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> > -----Original Message-----
> > From: []On
> > Behalf Of Nick Trout
> > Sent: Thursday, April 20, 2000 3:40 AM
> > You have more choice with Lua, that is its strength.
> > Python's is that the
> > functionality is there and users concentrate on modules and
> > extension libraries
> > hence further increasing its "usefulness".
> I admit this is an area where I'm jealous of Python!  It has a very nice
> collection of libraries for image manipulation, ftp, www, tkinter, etc.  I
> think many people decide to use Python because of the libraries.
> So, why do those libraries exist for Python but not for Lua?
> Theories:
> * Python supports "import" semantics, thus encouraging libraries.
> * From its early history, libraries were published for Python.  The early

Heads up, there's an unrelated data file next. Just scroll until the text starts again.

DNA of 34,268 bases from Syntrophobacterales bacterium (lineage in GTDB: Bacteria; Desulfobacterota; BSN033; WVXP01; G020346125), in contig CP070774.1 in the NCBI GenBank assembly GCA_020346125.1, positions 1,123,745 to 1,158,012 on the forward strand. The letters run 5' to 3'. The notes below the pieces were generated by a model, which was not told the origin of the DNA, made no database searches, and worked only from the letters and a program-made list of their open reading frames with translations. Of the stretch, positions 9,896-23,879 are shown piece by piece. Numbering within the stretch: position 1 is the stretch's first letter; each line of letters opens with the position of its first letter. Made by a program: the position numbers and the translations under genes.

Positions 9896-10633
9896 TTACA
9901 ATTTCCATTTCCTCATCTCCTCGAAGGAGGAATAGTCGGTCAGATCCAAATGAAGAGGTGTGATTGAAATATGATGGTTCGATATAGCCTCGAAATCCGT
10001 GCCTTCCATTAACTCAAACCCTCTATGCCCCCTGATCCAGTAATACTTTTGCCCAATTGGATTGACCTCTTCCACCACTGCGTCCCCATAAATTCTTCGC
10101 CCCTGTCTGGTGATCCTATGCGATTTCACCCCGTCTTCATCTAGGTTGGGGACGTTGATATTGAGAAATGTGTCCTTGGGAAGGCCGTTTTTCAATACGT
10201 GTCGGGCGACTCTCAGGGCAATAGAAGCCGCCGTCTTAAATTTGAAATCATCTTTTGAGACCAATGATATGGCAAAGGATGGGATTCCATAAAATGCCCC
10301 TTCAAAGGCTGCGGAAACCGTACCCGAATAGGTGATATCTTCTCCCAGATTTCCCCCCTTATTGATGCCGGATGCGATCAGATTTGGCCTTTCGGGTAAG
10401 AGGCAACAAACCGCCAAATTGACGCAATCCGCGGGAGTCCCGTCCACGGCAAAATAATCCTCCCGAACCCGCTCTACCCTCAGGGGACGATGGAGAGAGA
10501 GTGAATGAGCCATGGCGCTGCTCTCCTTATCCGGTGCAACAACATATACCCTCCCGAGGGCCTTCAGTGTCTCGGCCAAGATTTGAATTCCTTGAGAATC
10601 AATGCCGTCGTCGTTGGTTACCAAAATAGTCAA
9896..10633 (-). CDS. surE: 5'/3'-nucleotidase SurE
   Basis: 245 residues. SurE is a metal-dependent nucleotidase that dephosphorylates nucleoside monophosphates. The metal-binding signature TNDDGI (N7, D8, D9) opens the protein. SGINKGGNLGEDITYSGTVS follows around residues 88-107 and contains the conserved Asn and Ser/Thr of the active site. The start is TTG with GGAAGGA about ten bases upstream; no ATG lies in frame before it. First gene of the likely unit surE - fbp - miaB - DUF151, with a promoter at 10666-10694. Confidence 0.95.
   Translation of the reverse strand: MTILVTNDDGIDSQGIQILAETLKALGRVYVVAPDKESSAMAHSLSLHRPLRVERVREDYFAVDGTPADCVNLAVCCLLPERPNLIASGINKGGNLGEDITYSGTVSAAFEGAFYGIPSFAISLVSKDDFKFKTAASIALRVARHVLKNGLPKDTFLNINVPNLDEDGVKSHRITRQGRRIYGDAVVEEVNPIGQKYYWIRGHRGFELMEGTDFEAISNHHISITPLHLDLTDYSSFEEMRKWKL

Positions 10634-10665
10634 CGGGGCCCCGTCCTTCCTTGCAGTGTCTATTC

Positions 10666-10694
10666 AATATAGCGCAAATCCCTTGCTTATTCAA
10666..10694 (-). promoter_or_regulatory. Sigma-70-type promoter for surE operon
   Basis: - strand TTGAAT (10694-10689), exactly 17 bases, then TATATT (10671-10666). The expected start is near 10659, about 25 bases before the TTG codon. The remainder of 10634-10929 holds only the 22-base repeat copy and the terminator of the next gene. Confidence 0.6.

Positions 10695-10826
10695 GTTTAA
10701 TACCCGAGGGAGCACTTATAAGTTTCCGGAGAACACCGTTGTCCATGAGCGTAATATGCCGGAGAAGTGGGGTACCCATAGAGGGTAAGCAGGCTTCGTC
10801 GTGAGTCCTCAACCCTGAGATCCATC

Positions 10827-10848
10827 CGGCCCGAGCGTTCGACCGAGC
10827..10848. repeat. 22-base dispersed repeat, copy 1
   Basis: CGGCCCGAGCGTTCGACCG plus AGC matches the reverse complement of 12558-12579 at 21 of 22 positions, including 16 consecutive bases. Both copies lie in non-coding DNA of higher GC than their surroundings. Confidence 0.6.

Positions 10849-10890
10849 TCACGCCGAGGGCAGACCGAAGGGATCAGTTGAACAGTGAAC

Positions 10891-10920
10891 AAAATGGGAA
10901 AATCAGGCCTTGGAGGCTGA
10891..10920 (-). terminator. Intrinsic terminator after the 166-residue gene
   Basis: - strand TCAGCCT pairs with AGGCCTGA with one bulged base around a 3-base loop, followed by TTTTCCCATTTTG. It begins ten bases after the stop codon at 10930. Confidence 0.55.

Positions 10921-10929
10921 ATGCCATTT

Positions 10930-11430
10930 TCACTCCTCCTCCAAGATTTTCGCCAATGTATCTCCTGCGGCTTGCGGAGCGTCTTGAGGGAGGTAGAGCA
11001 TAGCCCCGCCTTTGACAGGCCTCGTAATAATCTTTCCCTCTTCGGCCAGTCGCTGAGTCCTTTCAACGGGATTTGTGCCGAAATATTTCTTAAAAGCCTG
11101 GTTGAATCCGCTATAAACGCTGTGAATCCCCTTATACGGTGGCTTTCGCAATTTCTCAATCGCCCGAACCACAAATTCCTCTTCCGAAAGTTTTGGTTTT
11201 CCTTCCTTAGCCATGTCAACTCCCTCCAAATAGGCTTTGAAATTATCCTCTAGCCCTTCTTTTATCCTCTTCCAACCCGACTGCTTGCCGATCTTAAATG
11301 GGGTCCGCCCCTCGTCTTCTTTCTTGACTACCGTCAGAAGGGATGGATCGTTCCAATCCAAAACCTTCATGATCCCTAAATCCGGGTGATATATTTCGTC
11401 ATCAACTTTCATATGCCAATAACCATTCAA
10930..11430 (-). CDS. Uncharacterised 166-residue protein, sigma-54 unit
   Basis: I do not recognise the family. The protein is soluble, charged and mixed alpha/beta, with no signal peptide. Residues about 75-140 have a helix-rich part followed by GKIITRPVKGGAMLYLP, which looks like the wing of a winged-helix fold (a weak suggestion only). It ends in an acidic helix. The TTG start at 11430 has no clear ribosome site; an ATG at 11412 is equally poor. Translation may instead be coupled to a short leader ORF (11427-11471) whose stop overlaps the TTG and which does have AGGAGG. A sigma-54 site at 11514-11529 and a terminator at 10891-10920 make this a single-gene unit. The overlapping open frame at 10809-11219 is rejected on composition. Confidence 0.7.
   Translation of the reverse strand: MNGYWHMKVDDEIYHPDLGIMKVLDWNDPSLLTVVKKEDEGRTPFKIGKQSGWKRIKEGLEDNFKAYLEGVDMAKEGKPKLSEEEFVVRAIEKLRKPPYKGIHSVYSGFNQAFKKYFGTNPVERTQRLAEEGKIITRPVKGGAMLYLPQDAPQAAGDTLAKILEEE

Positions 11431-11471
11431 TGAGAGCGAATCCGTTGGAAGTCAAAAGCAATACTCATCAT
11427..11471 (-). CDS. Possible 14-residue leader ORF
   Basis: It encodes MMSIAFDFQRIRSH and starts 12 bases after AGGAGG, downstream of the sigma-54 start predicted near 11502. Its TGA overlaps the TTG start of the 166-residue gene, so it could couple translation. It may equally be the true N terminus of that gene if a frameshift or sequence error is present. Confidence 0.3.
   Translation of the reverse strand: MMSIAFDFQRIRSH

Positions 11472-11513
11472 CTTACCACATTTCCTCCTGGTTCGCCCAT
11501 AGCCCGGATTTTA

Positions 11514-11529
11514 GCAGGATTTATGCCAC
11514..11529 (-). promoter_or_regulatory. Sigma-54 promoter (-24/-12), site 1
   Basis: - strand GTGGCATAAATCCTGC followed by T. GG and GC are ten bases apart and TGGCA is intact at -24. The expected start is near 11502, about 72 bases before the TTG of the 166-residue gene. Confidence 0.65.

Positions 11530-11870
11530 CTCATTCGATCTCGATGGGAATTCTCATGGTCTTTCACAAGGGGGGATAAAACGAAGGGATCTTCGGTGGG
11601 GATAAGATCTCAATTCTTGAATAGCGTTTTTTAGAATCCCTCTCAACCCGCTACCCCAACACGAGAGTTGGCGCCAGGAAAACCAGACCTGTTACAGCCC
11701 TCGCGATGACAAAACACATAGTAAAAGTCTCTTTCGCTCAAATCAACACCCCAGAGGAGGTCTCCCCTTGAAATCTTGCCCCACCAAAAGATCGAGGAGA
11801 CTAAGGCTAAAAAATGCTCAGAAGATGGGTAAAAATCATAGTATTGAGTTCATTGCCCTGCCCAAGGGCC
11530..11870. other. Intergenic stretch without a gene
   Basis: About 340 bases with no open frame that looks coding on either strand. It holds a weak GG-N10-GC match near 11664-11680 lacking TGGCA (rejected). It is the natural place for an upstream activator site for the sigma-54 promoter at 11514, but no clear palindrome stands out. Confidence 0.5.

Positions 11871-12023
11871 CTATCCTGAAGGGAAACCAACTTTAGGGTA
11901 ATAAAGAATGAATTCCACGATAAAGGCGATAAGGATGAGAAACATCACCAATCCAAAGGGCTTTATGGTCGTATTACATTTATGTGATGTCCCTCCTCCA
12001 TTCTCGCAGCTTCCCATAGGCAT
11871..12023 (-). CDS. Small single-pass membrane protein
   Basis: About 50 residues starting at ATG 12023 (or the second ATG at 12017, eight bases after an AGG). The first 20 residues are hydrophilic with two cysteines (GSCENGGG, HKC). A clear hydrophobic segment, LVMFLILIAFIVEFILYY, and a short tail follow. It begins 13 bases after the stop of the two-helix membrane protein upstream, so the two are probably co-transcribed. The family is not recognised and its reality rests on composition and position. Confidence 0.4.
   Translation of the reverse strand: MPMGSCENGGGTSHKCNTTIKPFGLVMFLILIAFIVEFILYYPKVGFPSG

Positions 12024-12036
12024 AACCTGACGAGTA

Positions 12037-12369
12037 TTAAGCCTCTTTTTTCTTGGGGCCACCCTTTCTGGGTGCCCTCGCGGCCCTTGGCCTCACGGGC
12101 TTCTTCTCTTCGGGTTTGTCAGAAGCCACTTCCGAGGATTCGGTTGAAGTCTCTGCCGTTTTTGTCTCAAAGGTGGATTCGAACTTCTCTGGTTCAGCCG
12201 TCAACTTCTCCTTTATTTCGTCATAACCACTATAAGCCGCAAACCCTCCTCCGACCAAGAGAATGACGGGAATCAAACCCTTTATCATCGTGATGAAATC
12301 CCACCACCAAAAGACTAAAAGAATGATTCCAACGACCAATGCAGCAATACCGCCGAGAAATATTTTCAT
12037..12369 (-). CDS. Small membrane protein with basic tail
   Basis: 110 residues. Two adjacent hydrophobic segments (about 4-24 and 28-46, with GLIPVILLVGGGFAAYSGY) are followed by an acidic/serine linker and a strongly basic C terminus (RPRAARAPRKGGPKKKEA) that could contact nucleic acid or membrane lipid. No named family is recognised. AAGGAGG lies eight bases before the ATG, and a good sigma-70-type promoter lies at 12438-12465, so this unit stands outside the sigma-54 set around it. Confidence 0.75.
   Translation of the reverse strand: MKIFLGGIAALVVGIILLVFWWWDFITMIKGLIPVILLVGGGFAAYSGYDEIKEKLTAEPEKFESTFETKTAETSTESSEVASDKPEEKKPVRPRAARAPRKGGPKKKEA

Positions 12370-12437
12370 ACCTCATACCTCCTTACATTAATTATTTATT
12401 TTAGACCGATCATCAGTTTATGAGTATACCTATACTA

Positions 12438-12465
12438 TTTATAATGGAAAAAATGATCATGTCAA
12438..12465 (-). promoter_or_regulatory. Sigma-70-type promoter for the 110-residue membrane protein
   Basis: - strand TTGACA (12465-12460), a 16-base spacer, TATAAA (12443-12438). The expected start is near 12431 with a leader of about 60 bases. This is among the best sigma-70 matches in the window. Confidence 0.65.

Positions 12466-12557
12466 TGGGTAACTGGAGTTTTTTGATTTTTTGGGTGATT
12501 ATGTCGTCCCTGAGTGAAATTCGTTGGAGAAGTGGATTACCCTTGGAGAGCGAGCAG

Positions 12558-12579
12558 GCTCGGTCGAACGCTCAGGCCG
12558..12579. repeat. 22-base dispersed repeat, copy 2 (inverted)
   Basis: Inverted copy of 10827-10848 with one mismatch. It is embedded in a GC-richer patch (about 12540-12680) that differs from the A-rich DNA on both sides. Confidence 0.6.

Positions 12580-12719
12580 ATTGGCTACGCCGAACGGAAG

> contributions encouraged later contributions.
> * Marketing... Lua is marketed mainly as an extension language, Python
> mainly as a standalone scripting language, so Python naturally attracts
> extension libraries.
> * User base.  Python has more users ( I think ), therefore it has more
> libraries.
> * Libraries are platform dependent, thus harder to propogate.  This
> why Lua _doesn't_ have more librares, but Python has this problem too.
> come Python overcame it but Lua didn't?
> It would be nice to overcome this obstacle to broader acceptance of Lua.
> Thoughts?

I think this is the destiny of embedded language - I've choosen Lua because
it HAS NOT tons of libraries I don't need.
Looking for embedded language you mind its size and extension capabilities.
If it also has nice, clean Pascal-like syntax, as Lua does - that's all I